Two neurologists have been awarded $134,000 to develop the first comprehensive clinical scale to accurately measure the presence and severity of dyskinesia (involuntary, uncontrolled movements) in patients with Parkinson's Disease (PD.)
"The development of a Unified Dyskinesia Rating Scale will provide a critical research tool for any future clinical trial," says Dr. Christopher G. Goetz, Director of Movement Disorders of Rush University Medical Center, who along with Dr. John G. Nutt, Oregon Health and ScienceUniversity, are working to develop the rating scale.
Goetz says that without a comprehensive scale, current clinical trials make use of many disparate scales that rely on different types of clinical assessments. "The lack of a Unified Dyskinesia Rating Scale makes it difficult to compare results across research studies and decreases the robustness of clinical trials testing dyskinesia treatments."
When it comes to measuring a new therapy's effects on dyskinesias -- the involuntary, uncontrollable, and excessive movements that are a common side effect of drugs used to treat Parkinson's Disease-- different clinicians observing the same evidence can potentially come to very different conclusions. No standardized and comprehensive tool exists to make the judgment easier.
"Dyskinesias have such a large impact on patients' day-to-day lives that nearly every Parkinson's clinical trial measures them -- even trials that don't explicitly involve a dyskinesia therapy," said Katie Hood, the Michael J. Fox Foundation's (MJFF) vice president of research programs, one of the two research funding agencies. "But the resulting body of evidence lacks cohesion because there is no common set of metrics for reporting on dyskinesias. Practitioners agree on the strong need for a 'common language' if we are to successfully address this difficult complication of Parkinson's treatment."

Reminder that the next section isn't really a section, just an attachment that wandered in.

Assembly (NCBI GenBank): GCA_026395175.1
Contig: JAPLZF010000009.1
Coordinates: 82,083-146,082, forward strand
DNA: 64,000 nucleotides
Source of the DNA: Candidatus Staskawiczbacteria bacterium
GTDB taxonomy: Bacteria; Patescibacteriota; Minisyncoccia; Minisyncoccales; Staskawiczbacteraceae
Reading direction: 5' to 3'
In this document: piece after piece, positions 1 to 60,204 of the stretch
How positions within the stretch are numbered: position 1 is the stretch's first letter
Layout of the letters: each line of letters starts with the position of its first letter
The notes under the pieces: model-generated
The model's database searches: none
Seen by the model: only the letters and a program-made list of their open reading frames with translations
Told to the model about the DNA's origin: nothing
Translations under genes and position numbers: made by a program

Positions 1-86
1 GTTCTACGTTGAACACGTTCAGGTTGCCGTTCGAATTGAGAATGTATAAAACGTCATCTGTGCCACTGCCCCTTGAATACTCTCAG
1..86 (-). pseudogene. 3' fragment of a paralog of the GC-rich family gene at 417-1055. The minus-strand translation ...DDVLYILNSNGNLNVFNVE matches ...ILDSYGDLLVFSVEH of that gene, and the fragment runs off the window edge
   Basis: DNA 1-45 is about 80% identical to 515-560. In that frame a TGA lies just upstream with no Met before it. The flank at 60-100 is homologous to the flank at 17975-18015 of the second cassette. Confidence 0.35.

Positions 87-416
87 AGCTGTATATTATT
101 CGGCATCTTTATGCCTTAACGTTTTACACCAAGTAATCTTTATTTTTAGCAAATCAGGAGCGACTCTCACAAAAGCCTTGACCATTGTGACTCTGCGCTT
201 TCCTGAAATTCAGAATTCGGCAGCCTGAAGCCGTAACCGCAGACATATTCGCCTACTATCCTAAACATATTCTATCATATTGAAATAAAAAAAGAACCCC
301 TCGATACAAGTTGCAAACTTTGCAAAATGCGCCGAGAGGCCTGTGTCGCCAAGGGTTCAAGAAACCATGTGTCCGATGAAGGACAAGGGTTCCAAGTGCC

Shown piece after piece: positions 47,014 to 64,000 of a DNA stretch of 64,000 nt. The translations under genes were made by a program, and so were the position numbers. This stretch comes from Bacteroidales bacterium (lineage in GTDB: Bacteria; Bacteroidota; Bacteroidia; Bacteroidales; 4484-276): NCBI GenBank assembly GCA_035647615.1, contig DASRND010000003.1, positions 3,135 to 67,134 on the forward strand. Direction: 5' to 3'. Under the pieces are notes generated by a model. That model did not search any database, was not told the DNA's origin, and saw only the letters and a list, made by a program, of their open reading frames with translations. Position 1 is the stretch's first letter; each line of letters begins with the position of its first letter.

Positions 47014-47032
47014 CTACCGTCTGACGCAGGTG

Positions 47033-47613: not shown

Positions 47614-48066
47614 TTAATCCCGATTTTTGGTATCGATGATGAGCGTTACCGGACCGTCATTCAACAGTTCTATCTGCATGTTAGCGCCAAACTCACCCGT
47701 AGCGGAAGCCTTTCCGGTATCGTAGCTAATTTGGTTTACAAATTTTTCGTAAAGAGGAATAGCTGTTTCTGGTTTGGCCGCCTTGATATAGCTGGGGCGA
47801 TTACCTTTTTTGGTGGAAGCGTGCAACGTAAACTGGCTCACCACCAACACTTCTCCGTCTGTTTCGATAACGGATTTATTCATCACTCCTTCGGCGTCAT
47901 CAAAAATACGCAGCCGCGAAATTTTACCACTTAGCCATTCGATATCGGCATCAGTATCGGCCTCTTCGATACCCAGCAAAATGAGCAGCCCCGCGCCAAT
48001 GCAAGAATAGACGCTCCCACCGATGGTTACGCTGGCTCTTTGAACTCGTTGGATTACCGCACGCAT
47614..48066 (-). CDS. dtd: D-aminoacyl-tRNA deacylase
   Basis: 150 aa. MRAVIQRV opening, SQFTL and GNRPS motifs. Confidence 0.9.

Dyskinesiascan be lurching, dance-like or jerky and are distinct from the rhythmic tremor commonly associated with Parkinson's DISEASE.. Hood says they are a research priority for the MJFF because patients often cite them as one of the most disabling aspects of living with the disease.
Goetz and Nutt have already consolidated elements of existing dyskinesia scales into a working draft of the unified scale. Funding from the MJFF will allow this draft to be finalized, tested and presented to the movement disorder community.
The validation studies will be done in several steps. The researchers must first test the consistency and reliability of the scale. To do this, they will videotape examinations of about 70 Parkinson's patients with varying dyskinesia severity levels. The videotapes will be distributed to clinician raters along with a preliminary version of the scale, which the clinicians will use to rate the taped patients' dyskinesias. Goetz and Nutt will look for variations in the raters' scores on these identical cases to refine the scale and the instructions for using it.
The physicians will then prepare a teaching tape for widespread distribution to clinicians.
The teaching tape will include segments featuring at least four patients at each level of dyskinesia severity. The teaching tape will have an "answer key" -- ratings made by three internationally recognized dyskinesia experts. Clinicians learning to use the scale will be able to watch the tape, make their own assessments, and then compare their ratings to the experts'.
The researchers plan to present the Unified Dyskinesia Rating Scale, together with all instructions and teaching tools for its use, to the movement disorder community by early 2008.
The Michael J. Fox Foundation (MJFF) has awarded the researchers $84,000 and EMD Pharmaceutic has given $50,000 in funding.
Last reviewed: By John M. Grohol, Psy.D. on 21 Feb 2009
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